Continuity of Combinations of Complex-Valued Functions

# Continuity of Combinations of Complex-Valued Functions

Recall from the Continuity of Functions on Metric Spaces that if $(S, d_S)$ and $(T, d_T)$ are metric spaces, $f : S \to T$, and $p \in S$ then we say that $f$ is continuous at $p$ if for all $\epsilon > 0$ there exists a $\delta > 0$ such that if $d_S(x, p) < \delta$ then $d_T(f(x), f(p)) < \epsilon$.

We noted that if $p$ is an isolated point of $S$ then $f$ is always continuous at $p$ since for sufficiently small $\delta$ the we have that the only point $x$ of distance less than $\delta$ from $p$ will be itself, and $d_T(f(p), f(p)) = 0 < \epsilon$.

If instead $p$ is an accumulation point of $S$ then $f$ being continuous at $p$ implies that:

(1)
\begin{align} \quad \lim_{x \to p} f(x) = f(p) \end{align}

We will now consider the case of continuity of various combinations (sums, differences, etc…) of complex-valued functions from an arbitrary metric space $(S, d_S)$ to $(\mathbb{C}, d)$ where $d$ is the usual Euclidean metric on $\mathbb{C}$.

 Theorem 1: Let $(S, d_S)$ and $(\mathbb{C}, d)$ be metric spaces where $d$ is the usual Euclidean metric on $\mathbb{C}$ defined for all $x = a + bi, y = c + di \in \mathbb{C}$ by $d(x, y) = \mid x - y \mid$. If $f, g : S \to \mathbb{C}$, $p \in S$, and both $f$ and $g$ are continuous at $p$ then: a) $f + g$ is continuous at $p$. b) $f - g$ is continuous at $p$.

We will only prove (a) since the proof of (b) is similar and these type of continuity proofs resemble the proofs regarding limits very closely.

• Proof of a) Let $\epsilon > 0$ be given.
• Since $f$ is continuous at $p$ we have that for $\epsilon_1 = \frac{\epsilon}{2} > 0$ there exists a $\delta_1 > 0$ such that if $d_S(x, p) < \delta_1$ then:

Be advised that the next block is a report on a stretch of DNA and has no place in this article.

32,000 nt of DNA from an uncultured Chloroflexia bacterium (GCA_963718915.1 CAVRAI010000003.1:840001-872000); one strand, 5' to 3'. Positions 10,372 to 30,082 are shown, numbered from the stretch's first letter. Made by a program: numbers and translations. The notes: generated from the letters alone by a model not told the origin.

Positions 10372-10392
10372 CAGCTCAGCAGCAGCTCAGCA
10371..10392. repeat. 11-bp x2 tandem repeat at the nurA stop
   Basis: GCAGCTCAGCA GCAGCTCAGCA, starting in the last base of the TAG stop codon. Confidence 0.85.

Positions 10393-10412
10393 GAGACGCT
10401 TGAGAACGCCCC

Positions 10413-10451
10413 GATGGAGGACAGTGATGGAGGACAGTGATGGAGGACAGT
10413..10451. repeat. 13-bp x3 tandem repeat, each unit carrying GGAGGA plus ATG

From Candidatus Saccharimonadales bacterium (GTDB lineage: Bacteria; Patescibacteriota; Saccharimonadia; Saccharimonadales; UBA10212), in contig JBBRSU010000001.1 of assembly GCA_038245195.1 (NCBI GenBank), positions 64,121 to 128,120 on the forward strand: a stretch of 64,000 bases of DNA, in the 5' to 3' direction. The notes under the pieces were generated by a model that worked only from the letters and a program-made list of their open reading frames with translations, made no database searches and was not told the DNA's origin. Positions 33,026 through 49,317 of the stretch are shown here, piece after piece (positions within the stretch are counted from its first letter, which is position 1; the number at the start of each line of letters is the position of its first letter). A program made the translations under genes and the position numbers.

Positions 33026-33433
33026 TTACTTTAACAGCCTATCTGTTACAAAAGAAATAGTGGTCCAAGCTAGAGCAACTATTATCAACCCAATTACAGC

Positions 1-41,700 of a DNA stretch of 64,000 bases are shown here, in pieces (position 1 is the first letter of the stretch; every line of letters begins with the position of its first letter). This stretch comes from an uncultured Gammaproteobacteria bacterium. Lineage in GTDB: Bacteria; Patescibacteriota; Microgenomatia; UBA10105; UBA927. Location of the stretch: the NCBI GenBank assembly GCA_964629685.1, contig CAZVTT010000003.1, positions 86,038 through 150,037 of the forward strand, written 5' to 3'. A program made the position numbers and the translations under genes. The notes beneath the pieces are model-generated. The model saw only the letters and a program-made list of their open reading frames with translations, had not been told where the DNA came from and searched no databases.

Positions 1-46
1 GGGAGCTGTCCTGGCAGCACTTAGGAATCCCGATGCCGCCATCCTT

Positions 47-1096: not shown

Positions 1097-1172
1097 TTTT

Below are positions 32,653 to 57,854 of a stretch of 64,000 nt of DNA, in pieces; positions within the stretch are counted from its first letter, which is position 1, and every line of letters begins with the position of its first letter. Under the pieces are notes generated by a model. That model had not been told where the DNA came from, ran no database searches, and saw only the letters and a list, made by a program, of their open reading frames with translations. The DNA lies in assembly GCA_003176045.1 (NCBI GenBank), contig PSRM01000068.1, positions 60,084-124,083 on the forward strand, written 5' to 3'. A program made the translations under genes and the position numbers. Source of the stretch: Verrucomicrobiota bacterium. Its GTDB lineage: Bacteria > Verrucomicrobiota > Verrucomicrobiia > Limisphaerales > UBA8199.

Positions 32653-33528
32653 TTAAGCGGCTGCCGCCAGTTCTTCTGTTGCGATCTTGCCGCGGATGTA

(2)
\begin{align} \quad d(f(x), f(p)) = \mid f(x) - f(p) \mid < \epsilon_1 = \frac{\epsilon}{2} \quad (*) \end{align}
• Similarly since $g$ is continuous at $p$ we have that for $\epsilon_2 = \frac{\epsilon}{2} > 0$ there exists a $\delta_2 > 0$ such that if $d_S(x, p) < \delta_2$ then:
(3)
\begin{align} \quad d(g(x), g(p)) = \mid g(x) - g(p) \mid < \epsilon_2 = \frac{\epsilon}{2} \quad (**) \end{align}
• Let $\delta = \min \{ \delta_1, \delta_2 \}$. Then if $d_S(x, p) < \delta$ then both $(*)$ and $(**)$ hold and:
(4)
\begin{align} \quad \: d((f + g)(x), (f + g)(p)) = \mid f(x) + g(x) - f(p) - g(p) \mid = \mid [f(x) - f(p)] + [g(x) - g(p)] \mid \leq \mid f(x) - f(p) \mid + \mid g(x) - g(p) \mid & < \epsilon_1 + \epsilon_2 \\ & < \frac{\epsilon}{2} + \frac{\epsilon}{2} \\ & < \epsilon \end{align}
• Therefore $f + g$ is continuous at $p$. $\blacksquare$
 Theorem 2: Let $(S, d_S)$ and $(\mathbb{C}, d)$ be metric spaces where $d$ is the usual Euclidean metric on $\mathbb{C}$ defined for all $x, y \in \mathbb{C}$ by $d(x, y) = \mid x - y \mid$. If $f, g : S \to \mathbb{C}$, $p \in S$, $c$ is a constant, and both $f$ and $g$ are continuous at $p$ then: a) $cf$ is continuous at $p$. b) $fg$ is continuous at $p$.